Chapter 2 Summary

To Bruno’s extreme disappointment, everything about the family’s new residence is the exact opposite of the beloved home in Berlin. The new house is the only building standing in “an empty, desolate place,” and it is small, having only three stories instead of five. All of the bedrooms are crammed together on the top floor, the servants sleep in the basement, and the ground floor contains a kitchen, a dining room, and an office for Father, which Bruno assumes is governed by the same stern restrictions as the office back in Berlin. Bruno thinks that his new home is in “the loneliest place in the world” and it seems that, in this God-forsaken place, there is “nothing to laugh at and nothing to be happy about.”

Bruno is so concerned about the family’s new living arrangements that he dares to tell his mother directly that he thinks it was a “bad idea” to move here and that the family should all just go back home. Mother replies, “We don’t have the luxury of thinking.... Some people make all the decisions for us” and that they will have to “make the best of a bad situation.” Bruno feels helpless; something inside him tells him that “the whole thing [is] wrong and unfair and a big mistake,” and he cannot understand how all of this can be happening.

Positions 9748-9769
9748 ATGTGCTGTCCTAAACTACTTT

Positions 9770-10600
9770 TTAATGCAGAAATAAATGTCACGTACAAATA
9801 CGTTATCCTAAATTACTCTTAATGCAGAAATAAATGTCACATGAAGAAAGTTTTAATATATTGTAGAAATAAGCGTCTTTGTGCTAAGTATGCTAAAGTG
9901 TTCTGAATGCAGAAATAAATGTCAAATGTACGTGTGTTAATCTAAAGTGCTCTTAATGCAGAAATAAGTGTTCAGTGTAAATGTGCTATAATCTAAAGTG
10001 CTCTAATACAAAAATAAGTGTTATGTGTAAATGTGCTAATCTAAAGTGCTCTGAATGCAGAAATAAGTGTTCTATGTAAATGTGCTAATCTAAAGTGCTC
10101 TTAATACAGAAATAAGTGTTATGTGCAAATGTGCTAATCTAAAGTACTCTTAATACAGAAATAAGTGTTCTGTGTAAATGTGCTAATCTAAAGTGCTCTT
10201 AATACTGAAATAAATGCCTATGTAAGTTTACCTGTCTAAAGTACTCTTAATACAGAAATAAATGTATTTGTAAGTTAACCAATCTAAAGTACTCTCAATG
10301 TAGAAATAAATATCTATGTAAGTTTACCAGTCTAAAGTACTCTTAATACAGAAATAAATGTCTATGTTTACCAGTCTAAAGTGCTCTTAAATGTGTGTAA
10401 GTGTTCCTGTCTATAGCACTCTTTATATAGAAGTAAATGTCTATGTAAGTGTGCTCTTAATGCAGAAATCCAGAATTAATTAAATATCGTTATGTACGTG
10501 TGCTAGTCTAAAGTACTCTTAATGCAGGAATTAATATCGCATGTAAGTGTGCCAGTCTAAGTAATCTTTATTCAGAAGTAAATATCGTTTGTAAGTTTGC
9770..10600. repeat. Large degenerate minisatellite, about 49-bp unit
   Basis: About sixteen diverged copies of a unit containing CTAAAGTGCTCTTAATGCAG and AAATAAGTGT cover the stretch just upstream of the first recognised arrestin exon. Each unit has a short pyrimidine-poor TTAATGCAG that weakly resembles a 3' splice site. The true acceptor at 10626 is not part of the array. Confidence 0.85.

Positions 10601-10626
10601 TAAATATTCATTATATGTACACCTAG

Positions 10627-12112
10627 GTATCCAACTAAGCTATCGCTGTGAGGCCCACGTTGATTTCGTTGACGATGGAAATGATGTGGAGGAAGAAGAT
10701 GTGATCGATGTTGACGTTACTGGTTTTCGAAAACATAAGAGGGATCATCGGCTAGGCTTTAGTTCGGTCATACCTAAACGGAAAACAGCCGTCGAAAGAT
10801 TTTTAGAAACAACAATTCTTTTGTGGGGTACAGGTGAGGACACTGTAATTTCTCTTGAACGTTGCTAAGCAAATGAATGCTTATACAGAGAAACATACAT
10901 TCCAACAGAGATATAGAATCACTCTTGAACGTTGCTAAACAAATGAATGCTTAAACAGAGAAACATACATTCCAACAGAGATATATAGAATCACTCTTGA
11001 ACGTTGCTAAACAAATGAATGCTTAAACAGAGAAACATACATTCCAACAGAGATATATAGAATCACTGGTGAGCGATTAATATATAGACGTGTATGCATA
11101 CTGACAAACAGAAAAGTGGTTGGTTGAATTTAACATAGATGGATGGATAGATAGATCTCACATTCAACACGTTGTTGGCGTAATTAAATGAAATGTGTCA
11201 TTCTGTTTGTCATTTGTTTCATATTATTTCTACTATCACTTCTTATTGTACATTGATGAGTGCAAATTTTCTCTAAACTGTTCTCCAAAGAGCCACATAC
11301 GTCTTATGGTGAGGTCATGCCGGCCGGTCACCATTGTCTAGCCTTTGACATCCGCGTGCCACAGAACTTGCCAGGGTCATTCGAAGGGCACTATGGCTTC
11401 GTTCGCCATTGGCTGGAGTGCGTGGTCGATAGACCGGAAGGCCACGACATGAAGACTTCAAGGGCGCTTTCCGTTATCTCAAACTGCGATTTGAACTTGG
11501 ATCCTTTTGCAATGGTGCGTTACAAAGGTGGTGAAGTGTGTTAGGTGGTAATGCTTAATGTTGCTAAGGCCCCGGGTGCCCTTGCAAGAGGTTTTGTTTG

Having been reprimanded by his mother for his persistence in voicing his concerns, Bruno goes upstairs to help Maria unpack his things. He tries to talk about the situation with the maid, asking her what she thinks about what is going on, but Maria is curiously evasive. There is a noise outside in the hallway, and Bruno sees the door to his parents’ room opening. To his surprise, a young man with “very blond hair” and the same type of uniform as his father comes out of the room carrying a box; after giving Bruno an uncomfortable nod, he goes down the stairs. Bruno asks Maria who the young man is, and Maria replies that she thinks he must be “one of [his] father’s soldiers.” Bruno says he does not like the man, and Maria tells him that it might be best for him to steer clear of the men who work in his capacity.

Bruno is sadly lamenting that there does not look like there will be anyone to play with in this new place other than his sister Gretel, when his eye is caught by a small window in the corner of his room that stretches from the ceiling down into the wall. He walks toward it, hoping that he might be able to see all the way home to Berlin, but when he puts his face to the glass to see what is outside, he sees something which makes him feel “very cold and unsafe” indeed.